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Lesson Plans

Re: CELEBRATING PLURALISM and appropriation.

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Nancy Walkup (walkup)
Thu, 13 Feb 1997 09:42:54 CST6CDT

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> Date: Wed, 12 Feb 1997 21:34:15 -0600
> To: Becky Alexander <Bekalex>, artsednet
> From: dianegregory (Diane C. Gregory, Ph.D.)
> Subject: Re: CELEBRATING PLURALISM and appropriation.

> >I don't want to merely wrestle with a philosophical problem. I'm really
> >more concerned with finding an answer that I can live by as I teach. I am
> >an Anglo teacher with 26 Mexican, 2 Lao, 1 Hmong, 1 Native American
> >(non-Hopi) and 2 Anglo students (about 25% are mixed heritage). What do I
> >teach culturally? How do I approach it? What do they emulate? Can I
> >(Norwegian/Finnish-American) deal with Dia del Morte?, Native American,
> >French, Asian, ????? HOW???
> Perhaps this is too simple of an answer. Perhaps the answer lies in
> celebrating our similarities rather than our differences.
> Diane Gregory

I agree with Diane that we need to celebrate our commonalities
and focus on art. In our Institute we have had success using Ernest Boyer's
human commonalities as themes of focus. These commonalities are shared by
all humans; the approach we take is to work with art works which share
the same commonality but come from different cultures.

Human Commonalities

1. All of us experience the life cycles:
Birth, Growth, Death, also puberty, perhaps graduation,
marriage, birth of children, death of parents.

2. All of us develop symbols:
Visual and oral symbols constitute the "language" of spoken and
unspoken expressions of feelings and ideas - many of the same
symbols reappear throughout cultures and time (radial designs,
spiral, egg, cross, sun, etc), pictographs for signs; symbols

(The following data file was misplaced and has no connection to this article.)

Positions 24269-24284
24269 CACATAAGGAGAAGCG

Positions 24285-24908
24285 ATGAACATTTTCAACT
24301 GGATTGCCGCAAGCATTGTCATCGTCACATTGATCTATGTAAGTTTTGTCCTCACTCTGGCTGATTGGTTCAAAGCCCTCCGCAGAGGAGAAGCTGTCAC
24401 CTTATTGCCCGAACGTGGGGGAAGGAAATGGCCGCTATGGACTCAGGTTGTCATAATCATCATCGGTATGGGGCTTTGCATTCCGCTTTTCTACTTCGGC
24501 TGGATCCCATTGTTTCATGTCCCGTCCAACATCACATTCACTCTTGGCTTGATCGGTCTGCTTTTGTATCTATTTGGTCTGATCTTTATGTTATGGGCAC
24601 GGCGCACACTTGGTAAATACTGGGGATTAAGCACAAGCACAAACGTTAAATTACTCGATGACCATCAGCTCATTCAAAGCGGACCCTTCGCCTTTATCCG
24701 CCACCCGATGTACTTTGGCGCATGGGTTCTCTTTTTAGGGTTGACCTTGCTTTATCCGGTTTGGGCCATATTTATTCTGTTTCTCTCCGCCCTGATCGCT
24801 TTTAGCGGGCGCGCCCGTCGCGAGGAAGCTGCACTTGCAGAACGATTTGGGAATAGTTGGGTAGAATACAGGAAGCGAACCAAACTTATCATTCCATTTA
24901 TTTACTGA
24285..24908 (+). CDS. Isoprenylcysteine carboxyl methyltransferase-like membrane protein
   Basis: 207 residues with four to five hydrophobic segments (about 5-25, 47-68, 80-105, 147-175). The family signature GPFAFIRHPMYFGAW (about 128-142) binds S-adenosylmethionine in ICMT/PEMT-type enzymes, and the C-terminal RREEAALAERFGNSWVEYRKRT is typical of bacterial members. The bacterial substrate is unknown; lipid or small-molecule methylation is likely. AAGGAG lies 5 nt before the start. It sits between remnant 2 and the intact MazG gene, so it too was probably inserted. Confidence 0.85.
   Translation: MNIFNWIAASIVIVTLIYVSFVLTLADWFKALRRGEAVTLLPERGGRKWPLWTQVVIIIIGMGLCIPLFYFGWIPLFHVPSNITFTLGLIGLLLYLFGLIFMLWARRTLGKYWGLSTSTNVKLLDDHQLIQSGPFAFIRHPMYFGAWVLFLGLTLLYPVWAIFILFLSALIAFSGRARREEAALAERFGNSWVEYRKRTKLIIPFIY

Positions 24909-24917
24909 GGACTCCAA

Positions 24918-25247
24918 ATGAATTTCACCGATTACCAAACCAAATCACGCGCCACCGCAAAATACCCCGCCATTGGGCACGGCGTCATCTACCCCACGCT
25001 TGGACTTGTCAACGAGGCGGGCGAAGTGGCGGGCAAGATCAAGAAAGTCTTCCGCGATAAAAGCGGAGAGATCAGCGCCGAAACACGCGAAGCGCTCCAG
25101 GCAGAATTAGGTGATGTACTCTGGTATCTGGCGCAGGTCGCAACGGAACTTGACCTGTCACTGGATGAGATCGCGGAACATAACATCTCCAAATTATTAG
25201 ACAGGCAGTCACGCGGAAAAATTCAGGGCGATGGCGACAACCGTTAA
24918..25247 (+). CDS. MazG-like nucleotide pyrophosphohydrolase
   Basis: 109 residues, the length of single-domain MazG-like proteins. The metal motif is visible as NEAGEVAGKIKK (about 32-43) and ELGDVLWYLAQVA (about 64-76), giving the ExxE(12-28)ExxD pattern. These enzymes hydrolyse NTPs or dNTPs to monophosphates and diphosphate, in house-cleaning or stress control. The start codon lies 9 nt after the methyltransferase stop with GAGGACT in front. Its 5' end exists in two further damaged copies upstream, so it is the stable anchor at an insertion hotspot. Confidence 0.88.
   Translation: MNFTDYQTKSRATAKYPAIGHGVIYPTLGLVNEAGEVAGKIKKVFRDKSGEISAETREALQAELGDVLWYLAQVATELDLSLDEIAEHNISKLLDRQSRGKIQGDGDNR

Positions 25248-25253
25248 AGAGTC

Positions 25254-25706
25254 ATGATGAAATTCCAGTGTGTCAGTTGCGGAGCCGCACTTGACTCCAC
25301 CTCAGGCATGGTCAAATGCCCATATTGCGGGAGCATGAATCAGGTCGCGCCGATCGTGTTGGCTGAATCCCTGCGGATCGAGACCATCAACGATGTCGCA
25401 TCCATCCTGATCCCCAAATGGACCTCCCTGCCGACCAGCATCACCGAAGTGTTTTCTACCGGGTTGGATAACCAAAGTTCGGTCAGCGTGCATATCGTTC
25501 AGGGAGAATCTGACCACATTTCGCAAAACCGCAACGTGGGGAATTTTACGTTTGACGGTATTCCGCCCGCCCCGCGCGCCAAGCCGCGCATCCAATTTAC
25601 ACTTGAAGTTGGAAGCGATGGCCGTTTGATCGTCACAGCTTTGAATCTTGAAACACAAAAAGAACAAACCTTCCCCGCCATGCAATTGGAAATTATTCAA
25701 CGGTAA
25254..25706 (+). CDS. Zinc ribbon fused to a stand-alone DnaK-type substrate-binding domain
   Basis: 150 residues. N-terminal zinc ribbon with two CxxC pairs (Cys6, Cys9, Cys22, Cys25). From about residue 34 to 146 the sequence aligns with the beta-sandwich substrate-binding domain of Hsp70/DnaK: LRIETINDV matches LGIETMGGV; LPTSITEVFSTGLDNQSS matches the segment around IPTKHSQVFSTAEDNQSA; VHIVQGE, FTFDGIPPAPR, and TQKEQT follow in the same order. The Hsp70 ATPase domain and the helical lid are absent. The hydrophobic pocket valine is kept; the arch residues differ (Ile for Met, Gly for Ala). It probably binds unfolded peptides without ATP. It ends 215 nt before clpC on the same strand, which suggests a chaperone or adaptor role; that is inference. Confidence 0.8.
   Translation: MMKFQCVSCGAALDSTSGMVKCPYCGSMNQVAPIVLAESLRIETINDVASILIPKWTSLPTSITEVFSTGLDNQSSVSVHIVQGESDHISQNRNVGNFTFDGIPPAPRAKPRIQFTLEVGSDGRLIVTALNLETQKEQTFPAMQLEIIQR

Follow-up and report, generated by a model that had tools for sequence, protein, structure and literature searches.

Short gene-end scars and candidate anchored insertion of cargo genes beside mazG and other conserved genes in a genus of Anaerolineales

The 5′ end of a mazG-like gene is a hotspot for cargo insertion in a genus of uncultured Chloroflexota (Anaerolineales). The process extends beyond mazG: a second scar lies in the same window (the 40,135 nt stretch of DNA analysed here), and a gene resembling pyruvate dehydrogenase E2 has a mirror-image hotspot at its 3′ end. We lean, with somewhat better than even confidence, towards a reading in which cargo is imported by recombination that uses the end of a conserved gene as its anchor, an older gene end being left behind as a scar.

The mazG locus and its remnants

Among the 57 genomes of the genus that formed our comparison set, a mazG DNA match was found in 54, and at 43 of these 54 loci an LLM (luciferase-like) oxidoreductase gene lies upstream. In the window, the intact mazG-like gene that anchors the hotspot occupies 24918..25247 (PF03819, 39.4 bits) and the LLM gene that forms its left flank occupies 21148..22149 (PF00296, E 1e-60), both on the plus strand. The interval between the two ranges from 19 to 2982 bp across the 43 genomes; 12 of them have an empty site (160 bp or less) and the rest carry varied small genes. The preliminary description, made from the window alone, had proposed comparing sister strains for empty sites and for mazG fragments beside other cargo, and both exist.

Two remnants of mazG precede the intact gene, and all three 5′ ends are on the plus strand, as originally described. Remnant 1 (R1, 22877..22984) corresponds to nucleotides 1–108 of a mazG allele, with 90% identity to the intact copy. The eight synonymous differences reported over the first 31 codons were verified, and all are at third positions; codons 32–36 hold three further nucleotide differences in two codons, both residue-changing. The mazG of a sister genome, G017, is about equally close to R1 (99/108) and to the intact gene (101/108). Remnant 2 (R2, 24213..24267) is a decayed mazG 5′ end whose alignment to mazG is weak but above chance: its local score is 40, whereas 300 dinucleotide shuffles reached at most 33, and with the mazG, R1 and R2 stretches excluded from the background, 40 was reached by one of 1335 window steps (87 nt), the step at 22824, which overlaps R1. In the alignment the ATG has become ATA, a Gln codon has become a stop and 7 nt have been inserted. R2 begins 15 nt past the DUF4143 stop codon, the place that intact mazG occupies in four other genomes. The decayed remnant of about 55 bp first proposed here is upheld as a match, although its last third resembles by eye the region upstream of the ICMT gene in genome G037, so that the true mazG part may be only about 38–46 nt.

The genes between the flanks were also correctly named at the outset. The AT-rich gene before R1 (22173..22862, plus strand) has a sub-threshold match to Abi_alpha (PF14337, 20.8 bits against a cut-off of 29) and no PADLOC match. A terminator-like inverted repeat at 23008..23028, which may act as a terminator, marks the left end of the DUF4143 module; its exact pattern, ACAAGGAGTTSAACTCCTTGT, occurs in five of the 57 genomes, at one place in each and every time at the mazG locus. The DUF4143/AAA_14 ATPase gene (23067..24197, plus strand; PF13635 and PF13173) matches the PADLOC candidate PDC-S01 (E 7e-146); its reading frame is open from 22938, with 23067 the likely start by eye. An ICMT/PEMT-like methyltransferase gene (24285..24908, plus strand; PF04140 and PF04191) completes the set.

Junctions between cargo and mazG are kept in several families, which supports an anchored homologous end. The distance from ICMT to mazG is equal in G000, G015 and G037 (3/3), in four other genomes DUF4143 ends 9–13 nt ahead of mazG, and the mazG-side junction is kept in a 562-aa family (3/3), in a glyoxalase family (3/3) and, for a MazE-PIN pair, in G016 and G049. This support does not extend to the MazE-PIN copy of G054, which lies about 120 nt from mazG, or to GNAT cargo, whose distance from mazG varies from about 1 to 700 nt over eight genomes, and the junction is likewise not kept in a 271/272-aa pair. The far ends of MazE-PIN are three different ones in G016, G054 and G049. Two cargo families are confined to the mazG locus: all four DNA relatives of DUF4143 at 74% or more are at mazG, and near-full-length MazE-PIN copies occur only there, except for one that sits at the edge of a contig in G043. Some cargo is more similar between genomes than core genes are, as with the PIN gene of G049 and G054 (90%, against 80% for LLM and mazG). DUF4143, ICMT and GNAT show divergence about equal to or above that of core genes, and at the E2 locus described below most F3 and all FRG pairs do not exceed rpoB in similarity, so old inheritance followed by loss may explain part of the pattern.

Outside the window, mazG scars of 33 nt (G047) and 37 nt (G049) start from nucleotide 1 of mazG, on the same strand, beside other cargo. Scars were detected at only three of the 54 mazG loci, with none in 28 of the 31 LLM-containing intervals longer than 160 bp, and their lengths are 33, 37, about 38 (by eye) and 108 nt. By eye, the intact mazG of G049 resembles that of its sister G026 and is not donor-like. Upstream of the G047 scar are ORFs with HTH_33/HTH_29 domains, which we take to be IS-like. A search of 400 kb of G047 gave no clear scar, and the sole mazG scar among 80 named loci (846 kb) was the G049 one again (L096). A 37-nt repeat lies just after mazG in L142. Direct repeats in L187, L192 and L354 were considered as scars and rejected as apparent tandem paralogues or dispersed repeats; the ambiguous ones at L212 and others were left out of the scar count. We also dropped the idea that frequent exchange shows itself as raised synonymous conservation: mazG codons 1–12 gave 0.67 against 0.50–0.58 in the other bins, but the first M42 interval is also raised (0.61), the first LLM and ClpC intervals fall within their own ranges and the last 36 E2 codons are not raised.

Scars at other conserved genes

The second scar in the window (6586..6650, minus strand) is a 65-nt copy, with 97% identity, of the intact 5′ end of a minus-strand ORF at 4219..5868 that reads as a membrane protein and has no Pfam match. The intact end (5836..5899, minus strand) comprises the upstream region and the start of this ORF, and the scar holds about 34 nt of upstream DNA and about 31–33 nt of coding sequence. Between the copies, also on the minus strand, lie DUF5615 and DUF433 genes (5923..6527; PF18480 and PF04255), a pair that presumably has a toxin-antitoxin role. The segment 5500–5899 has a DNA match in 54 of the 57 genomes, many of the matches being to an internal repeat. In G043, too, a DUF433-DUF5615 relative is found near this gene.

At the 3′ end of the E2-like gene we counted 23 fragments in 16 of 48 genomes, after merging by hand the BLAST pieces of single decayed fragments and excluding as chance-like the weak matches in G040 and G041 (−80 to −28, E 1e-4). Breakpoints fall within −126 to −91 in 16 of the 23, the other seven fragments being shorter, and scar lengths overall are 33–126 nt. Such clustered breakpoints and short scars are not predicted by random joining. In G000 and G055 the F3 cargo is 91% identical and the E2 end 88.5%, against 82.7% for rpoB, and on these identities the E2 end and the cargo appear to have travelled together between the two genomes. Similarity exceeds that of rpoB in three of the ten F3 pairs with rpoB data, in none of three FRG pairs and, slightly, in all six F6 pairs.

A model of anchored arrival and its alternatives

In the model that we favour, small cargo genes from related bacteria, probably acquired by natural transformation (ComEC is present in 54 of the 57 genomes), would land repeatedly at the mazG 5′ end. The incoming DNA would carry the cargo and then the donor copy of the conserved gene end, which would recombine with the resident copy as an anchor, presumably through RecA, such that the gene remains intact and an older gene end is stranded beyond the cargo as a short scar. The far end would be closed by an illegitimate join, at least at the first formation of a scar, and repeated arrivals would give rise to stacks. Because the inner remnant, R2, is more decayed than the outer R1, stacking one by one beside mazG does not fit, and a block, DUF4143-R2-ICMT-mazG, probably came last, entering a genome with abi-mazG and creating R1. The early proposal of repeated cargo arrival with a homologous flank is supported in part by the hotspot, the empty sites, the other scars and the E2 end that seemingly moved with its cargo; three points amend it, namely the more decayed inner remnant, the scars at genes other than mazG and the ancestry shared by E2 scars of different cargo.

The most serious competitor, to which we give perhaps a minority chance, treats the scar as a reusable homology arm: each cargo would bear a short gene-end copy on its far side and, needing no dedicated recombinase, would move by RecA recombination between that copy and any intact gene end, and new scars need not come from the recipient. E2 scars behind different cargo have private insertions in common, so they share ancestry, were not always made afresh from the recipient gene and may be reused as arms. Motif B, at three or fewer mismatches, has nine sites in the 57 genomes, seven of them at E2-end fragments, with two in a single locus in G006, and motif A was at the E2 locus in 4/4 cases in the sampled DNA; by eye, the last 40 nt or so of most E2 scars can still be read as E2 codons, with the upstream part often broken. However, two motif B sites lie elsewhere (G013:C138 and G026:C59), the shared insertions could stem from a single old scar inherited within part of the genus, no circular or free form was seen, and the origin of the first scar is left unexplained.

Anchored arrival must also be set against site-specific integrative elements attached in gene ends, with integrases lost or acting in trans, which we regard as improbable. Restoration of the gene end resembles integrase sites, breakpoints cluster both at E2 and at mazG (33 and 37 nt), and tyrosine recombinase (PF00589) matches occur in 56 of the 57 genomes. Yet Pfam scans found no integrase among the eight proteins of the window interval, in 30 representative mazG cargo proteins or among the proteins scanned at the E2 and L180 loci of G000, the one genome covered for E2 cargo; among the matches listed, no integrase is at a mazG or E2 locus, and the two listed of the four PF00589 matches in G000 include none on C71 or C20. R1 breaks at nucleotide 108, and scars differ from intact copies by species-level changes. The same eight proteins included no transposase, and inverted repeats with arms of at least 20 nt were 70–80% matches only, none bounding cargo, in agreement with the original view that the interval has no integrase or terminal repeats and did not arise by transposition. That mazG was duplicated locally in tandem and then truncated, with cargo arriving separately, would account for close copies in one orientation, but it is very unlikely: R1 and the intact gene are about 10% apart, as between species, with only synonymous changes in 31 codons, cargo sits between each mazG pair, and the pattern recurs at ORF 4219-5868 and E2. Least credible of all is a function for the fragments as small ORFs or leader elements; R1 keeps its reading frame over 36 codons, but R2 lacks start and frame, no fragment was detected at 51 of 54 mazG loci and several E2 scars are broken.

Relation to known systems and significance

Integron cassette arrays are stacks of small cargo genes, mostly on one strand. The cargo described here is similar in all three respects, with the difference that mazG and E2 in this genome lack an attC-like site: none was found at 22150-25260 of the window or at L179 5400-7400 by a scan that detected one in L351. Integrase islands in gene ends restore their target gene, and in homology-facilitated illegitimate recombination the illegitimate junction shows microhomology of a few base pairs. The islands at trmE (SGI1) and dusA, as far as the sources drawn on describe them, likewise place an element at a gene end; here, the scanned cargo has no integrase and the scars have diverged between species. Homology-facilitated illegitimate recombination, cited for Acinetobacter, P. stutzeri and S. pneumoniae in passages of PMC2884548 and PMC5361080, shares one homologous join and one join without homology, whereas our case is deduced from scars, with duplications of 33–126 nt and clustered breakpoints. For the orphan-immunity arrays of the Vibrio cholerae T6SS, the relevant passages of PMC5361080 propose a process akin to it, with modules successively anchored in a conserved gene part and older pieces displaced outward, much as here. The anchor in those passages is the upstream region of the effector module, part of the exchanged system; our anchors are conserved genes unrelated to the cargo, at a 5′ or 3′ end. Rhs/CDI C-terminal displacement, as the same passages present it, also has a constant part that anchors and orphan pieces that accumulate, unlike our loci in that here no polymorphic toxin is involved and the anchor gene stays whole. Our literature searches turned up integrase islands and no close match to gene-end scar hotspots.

can express ideas without written or spoken language.

3. All of us respond to the Aesthetic:
The arts allow us to respond to the most profound of human
experiences: without written or spoken language - the arts need
no interpreter; functional items are often also aesthetically
pleasing (ex., Shaker furniture); art can express things we
cannot put into words; art is a universal language.

4. All of us have the capacity to recall the past and anticipate
the future: one trait that may distinguish us from all other creatures,
visible in art, appropriation from past styles and artists.

5.All of us develop some forms of social bonding:
Human beings are also members of groups and institutions,
families, tribes, clubs, communities, countries - all often
have visual symbols that show belonging to the group (state
seals, flags, etc); we need other people.

6. All of us are connected to the ecology of the planet:
We are living creatures, too. Social and political art may
express contemporary concerns, reflect the environment of the
artist and/or show how dependent we are upon each other to
live; style and construction of architecture is often influenced
by climate and available materials of environment.

7. All of us produce and consume:
Work; a purpose in producing - why do artists create? Why do we
call it art work?

8.All of us seek meaning and purpose:
This shared characteristic causes us to look for meaning in art
- the desire to understand what another means - art may give
some people purpose, or solace in knowing that others share
their feelings and ideas; understanding meaning may lead to
empathy ; study of world views and religions.

Adapted from "Educating in a Multicultural World," a speech by
Ernest Boyer, President of The Carnegie Foundation for The
Advancement of Teaching.

Nancy Walkup, Project Coordinator
North Texas Institute for Educators on the Visual Arts
PO Box 5098, University of North Texas
Denton, TX 76203
817/565-3986 FAX 817/565-4867

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